That is, the data and the model. Are the data available and are they accurate enough to make conclusions like these ones?

What were the techniques used to fill in the missing data?

“According to our projections, Nigeria has already overtaken India as the country with the largest number of extreme poor in early 2018, and the Democratic Republic of the Congo could soon take over the number 2 spot (Figure 1 below).

At the end of May 2018, our trajectories suggest that Nigeria had about 87 million people in extreme poverty, compared with India’s 73 million.

What is more, extreme poverty in Nigeria is growing by six people every minute, while poverty in India continues to fall,” the World Poverty Clock said.

“In Nigeria, as with other countries on the continent, that figure is projected to rise.”


By the end of 2018 in Africa as a whole, there will probably be about 3.2 million more people living in extreme poverty than there are today,” the researchers write.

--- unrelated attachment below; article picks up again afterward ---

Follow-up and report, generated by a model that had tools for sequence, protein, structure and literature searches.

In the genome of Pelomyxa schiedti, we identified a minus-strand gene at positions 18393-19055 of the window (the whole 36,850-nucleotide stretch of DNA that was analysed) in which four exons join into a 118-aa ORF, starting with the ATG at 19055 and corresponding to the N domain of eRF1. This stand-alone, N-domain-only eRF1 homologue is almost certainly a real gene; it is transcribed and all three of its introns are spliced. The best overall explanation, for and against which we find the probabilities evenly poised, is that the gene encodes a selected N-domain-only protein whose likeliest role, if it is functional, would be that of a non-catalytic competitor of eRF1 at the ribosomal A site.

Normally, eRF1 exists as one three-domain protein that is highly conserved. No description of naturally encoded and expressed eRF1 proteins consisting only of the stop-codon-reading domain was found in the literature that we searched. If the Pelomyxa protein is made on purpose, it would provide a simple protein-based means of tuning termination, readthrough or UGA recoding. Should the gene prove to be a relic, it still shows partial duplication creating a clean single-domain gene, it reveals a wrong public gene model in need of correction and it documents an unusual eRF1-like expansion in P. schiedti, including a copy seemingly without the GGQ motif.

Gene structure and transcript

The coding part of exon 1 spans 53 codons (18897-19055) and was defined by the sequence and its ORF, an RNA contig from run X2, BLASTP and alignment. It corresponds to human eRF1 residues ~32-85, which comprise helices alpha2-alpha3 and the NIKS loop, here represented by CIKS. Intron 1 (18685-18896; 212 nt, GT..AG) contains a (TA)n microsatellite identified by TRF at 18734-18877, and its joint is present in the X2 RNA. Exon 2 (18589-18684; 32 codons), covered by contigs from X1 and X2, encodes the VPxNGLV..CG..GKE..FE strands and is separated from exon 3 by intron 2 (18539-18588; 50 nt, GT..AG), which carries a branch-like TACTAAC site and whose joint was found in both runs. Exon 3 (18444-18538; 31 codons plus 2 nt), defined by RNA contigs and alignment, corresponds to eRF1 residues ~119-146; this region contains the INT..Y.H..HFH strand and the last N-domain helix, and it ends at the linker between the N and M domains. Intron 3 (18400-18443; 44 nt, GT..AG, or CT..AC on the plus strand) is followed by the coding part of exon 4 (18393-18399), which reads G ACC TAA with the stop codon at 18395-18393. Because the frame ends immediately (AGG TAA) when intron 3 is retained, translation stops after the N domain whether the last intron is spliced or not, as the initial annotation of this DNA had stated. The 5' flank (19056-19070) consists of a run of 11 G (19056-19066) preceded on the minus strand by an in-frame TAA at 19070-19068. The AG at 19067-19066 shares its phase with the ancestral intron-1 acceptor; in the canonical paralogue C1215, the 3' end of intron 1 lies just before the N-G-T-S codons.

CNN “The report says extreme poverty in Nigeria is growing by six people every minute, the highest number in the world,” Daily Post reported

Since the report entitled “The start of a new poverty narrative” was published on June 19, 2018, there have been hundreds of news headlines and thousands of posts on social media referencing Nigeria as the new home of extreme poverty.

Are the model assumptions accurate and reasonable enough to make strong conclusions like those above?

Have they incorporated local context and sub-regional variations to improve accuracy? Are there aggregational biases?

These are some of the questions that one would expect the media to also shed light on about the projections.